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Population Shifts in the East

Clay Risen continues his series of reports from Germany (which appear in different outlets) with this guardedly optimistic take on East Germany's economy:

The east isn’t lagging so much as diversifying, with some areas nearly even with the west and others dropping far behind. Like the American Midwest, rural regions are hurting, but urban centers are bustling. In eastern Germany’s southern and western states, economic output is nearly at parity with parts of the west, thanks to massive federal spending in the 1990s and a wave of private investment, mainly in high-tech sectors, over the last decade. “You have extreme contrasts,” says Michael Burda, an American-born economist at Berlin’s Humboldt University. “Eastern Germany is in a medium-term position to overtake the West in some sectors”—including solar- and wind-power technology, health care, and nanotechnology.

According to Burda, instead of an east-west divide, Germany is reverting to its centuries-old norm: A north-south split, in which rural Baltic states like Schleswig-Holstein in the west and Mecklenburg-Vorpommern in the east lag behind southern economic powerhouses like Bayern and Sachsen. “It was easier for states like Sachsen and Thüringen to redevelop because they were traditionally industrial areas,” says Thomas Fabian, an economist with Germany Trade and Invest, a Berlin-based trade group. “Now we have well-developed places in the east and places in the west with problems.” In other words, the fears that eastern Germany would turn into a Teutonic version of Italy’s Mezzogiorno, condemned to weak growth and high unemployment, have been greatly exaggerated. Reunified Germany, long feared to be the “sick man of Europe” and a possible breeding ground for economic and social instability, is actually pretty normal.

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[E]astern Germany’s skeptics and boosters alike see a similar future, one in which a few metropolitan areas—Berlin, Dresden, Frankfurt (Oder), Leipzig-Halle—reach parity with the West, while vast rural stretches continue to depopulate. That’s not the ideal envisioned by Chancellor Helmut Kohl and the Bonn government in the early 1990s, but maybe that’s not such a problem. “If people wish to move to West Germany, let them,” says Uhlig. “East Germany may become a nature paradise with a few vibrant cities, and I do not see why that would be a bad outcome.”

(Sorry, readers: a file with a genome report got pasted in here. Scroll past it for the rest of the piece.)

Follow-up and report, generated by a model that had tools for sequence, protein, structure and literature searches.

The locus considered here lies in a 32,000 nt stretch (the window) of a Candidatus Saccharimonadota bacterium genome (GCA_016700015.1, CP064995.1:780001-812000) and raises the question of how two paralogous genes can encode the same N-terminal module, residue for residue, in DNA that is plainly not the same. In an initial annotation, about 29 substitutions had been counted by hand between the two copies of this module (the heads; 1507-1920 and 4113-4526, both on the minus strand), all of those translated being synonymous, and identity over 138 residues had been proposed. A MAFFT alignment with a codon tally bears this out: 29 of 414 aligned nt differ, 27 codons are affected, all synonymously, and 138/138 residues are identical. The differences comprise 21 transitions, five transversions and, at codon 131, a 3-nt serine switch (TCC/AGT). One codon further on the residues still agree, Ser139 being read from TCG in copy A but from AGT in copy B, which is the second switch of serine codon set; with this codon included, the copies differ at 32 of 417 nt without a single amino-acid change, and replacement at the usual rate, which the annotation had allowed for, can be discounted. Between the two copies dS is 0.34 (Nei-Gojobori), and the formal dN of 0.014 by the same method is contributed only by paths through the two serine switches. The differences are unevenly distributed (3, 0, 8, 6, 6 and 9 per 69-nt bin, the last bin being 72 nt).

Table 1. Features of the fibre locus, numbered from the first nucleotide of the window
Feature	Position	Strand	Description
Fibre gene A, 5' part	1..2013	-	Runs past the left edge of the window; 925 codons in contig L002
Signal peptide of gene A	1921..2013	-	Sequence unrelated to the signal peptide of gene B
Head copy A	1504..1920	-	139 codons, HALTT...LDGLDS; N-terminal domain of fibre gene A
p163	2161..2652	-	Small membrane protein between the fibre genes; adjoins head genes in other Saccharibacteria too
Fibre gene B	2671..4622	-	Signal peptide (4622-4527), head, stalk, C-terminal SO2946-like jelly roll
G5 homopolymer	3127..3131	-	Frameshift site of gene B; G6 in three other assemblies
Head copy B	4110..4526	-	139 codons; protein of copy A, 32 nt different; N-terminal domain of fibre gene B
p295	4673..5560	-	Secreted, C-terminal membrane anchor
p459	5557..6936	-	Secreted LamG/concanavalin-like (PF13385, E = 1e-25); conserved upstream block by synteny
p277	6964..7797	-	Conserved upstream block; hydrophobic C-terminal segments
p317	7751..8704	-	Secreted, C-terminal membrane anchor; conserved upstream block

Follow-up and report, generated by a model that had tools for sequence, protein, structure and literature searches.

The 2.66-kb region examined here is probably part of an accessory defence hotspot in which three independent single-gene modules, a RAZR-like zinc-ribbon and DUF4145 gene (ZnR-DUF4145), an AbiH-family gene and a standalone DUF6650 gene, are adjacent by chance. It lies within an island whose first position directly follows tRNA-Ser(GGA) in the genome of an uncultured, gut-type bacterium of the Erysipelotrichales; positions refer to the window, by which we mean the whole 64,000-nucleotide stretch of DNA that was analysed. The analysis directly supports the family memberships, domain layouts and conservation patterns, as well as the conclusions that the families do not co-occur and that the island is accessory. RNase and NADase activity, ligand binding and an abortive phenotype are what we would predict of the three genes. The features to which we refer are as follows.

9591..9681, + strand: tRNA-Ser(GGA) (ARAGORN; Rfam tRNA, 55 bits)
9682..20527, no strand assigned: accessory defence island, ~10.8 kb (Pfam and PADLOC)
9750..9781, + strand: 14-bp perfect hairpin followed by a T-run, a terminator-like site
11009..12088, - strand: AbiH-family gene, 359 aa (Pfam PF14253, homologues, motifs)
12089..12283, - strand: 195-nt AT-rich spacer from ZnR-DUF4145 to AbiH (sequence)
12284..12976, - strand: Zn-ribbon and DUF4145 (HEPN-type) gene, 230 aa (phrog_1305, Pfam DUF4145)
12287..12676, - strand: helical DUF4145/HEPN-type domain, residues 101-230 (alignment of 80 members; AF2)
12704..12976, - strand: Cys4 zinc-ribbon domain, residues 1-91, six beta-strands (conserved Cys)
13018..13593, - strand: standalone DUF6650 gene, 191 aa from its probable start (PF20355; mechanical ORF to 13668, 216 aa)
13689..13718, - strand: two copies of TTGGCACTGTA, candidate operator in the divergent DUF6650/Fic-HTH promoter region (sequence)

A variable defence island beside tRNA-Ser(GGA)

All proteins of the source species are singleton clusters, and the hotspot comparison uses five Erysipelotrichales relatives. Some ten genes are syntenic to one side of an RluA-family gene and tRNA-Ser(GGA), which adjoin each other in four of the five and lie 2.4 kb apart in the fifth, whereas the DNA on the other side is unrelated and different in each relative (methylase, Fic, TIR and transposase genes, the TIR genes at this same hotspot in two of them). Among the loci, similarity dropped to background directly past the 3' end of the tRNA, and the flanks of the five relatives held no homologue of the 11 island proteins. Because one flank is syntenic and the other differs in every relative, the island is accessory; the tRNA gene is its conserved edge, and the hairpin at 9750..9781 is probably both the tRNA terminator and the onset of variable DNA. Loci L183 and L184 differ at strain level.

As these excerpts show, buried in Risen's piece about East Germany's economy is a piece about shifting settlement and population patterns in the East. The young and talented are leaving, but they're generally leaving the drab, one-purpose manufacturing settlements or the smaller towns. The big cities aren't doing all that badly. You get a sense something's brewing there, and property values have started to rise.

The other places are, of course, shrinking. This leads to the question: how do you actually manage a shrinking city? Some East German towns are trying innovative new approaches (g), such as clearing away former housing and declaring it a nature preserve, or re-tooling the city to one particular kind of tourism. One of the pretty remarkable things about Western Germany is its unusually dispersed population: the density of settlement around the entire country is remarkably consistent, and there are no 'mega-cities' in the international sense. This is not necessarily the case in other European countries. The former East Germany may just be transforming into something that looks like those other places. Given that there doesn't seem to be much a way of stopping the process, it seems like the best thing to do is manage it well.

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